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November 11, 2017

The naked truth about Facebook’s revenge porn tool

by John_A

Facebook has announced it’s trialling a tool in Australia to fight revenge porn on its platform, one that requires victims to send the company a copy of the violating images. Amazingly, this is true, and not a Clickhole story. It’s the kind of thing that makes you wonder if there are human people at Facebook, and do they even understand what words mean? Because as we unravel the details of this tool — totally not conceived by actual robots or a company with a zero percent trust rating among users — we realize it’s a very confusing tool indeed.

According to press who wrote about it (forcing Facebook to come back with panicked explanations) in detail that made it sound even worse, the revenge porn tool works like this:

A person starts a conversation with themselves in Facebook Messenger and uploads a nude.

Apparently, someone might want to do this if they see one of Facebook’s monstrous users publishing nonconsensual sexytime photos of them, or fear a revenge porn scenario may some day come to pass. The process presumes the victim has these photos in the first place, and cavalierly ignores that this person is living in a nightmarish hellscape trauma that is in no way re-experienced by handing the instrument of their terror to an anonymous, unaccountable, possibly grey alien Facebook employee.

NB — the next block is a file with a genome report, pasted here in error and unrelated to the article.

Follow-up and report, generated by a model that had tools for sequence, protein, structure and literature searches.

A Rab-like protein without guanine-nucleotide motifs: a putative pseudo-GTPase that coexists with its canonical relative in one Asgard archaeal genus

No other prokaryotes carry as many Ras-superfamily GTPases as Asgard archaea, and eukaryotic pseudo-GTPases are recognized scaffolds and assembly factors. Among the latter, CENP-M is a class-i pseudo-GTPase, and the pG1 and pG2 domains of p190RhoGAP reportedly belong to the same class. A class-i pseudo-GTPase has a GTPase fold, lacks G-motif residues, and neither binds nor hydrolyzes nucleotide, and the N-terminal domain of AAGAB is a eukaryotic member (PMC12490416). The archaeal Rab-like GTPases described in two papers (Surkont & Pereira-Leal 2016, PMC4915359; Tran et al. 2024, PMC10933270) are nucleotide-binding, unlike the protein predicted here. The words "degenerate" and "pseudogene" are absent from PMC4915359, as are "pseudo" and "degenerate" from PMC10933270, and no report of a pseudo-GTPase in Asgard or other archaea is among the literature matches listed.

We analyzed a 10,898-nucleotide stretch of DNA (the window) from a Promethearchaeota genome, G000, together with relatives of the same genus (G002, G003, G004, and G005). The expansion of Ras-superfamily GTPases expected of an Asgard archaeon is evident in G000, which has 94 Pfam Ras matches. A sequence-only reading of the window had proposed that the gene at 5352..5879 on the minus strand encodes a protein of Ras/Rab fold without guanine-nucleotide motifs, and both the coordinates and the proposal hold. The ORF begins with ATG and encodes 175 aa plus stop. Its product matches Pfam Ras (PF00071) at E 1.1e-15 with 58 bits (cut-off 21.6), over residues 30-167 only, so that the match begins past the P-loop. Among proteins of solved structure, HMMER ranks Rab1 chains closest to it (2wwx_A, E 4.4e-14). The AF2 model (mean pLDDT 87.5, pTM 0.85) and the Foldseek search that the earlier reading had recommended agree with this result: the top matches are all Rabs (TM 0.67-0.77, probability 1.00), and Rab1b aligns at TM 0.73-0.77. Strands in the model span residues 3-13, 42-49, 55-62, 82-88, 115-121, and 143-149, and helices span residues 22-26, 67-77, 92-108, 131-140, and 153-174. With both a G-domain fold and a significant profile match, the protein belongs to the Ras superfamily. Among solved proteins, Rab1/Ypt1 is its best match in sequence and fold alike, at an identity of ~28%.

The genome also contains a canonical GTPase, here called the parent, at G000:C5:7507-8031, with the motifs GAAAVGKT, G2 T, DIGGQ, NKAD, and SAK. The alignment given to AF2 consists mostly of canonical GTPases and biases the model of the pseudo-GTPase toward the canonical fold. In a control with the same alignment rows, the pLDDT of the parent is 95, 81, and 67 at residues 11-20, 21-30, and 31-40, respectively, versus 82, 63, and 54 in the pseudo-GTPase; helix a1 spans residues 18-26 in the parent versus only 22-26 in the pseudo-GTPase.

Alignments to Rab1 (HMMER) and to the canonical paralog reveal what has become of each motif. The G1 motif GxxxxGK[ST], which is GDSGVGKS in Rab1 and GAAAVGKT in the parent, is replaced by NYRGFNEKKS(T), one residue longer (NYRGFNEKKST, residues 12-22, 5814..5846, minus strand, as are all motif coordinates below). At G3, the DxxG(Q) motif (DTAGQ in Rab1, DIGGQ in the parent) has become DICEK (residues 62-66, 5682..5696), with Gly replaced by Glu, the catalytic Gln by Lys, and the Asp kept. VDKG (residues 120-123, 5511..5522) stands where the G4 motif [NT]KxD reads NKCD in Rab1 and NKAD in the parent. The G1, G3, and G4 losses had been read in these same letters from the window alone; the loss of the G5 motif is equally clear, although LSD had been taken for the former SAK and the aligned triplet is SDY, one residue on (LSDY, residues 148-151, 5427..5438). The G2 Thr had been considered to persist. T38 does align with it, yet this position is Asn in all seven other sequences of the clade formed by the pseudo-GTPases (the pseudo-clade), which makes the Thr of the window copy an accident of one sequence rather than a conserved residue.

The idea is, that the user flags it as a “non-consensual intimate image.” The photo is copied to Facebook, because that is what computers do: they copy files.

This apparently sends a copy of the image to the probable-Cybermen behind the scenes at Facebook, who momentarily pause from massaging advertisers with whale tears, laughing at people worried about Holocaust denial, high-fiving over scenes of unbelievable human devastation, and destroying democracy.

Then a person, and totally not a heartless tech bro, who works for Facebook looks at it. They decide if it is revenge porn, or if on that day you are just shit out of luck for getting your nonconsensual nudes removed.

At some point, according to what Facebook told Motherboard, the image has portions of it blurred out. This may happen with magic grey alien technology in transit, somehow preserving the privacy and dignity of the revenge porn victim. Maybe the employee just blurs their eyes over the sensitive parts by squinting really hard or rubbing their eyelids. Perhaps a superhacker Facebook cyber-script blurs the private bits so quickly you can feel a breeze come off the Facebook employee’s computer.

Revenge porn laws

But probably not. A Facebook spokesperson told Motherboard that when the image is blurry, a highly specialized and incredibly trained team are the only people who have access to it for a few days. It is my personal hope that their training is in martial arts.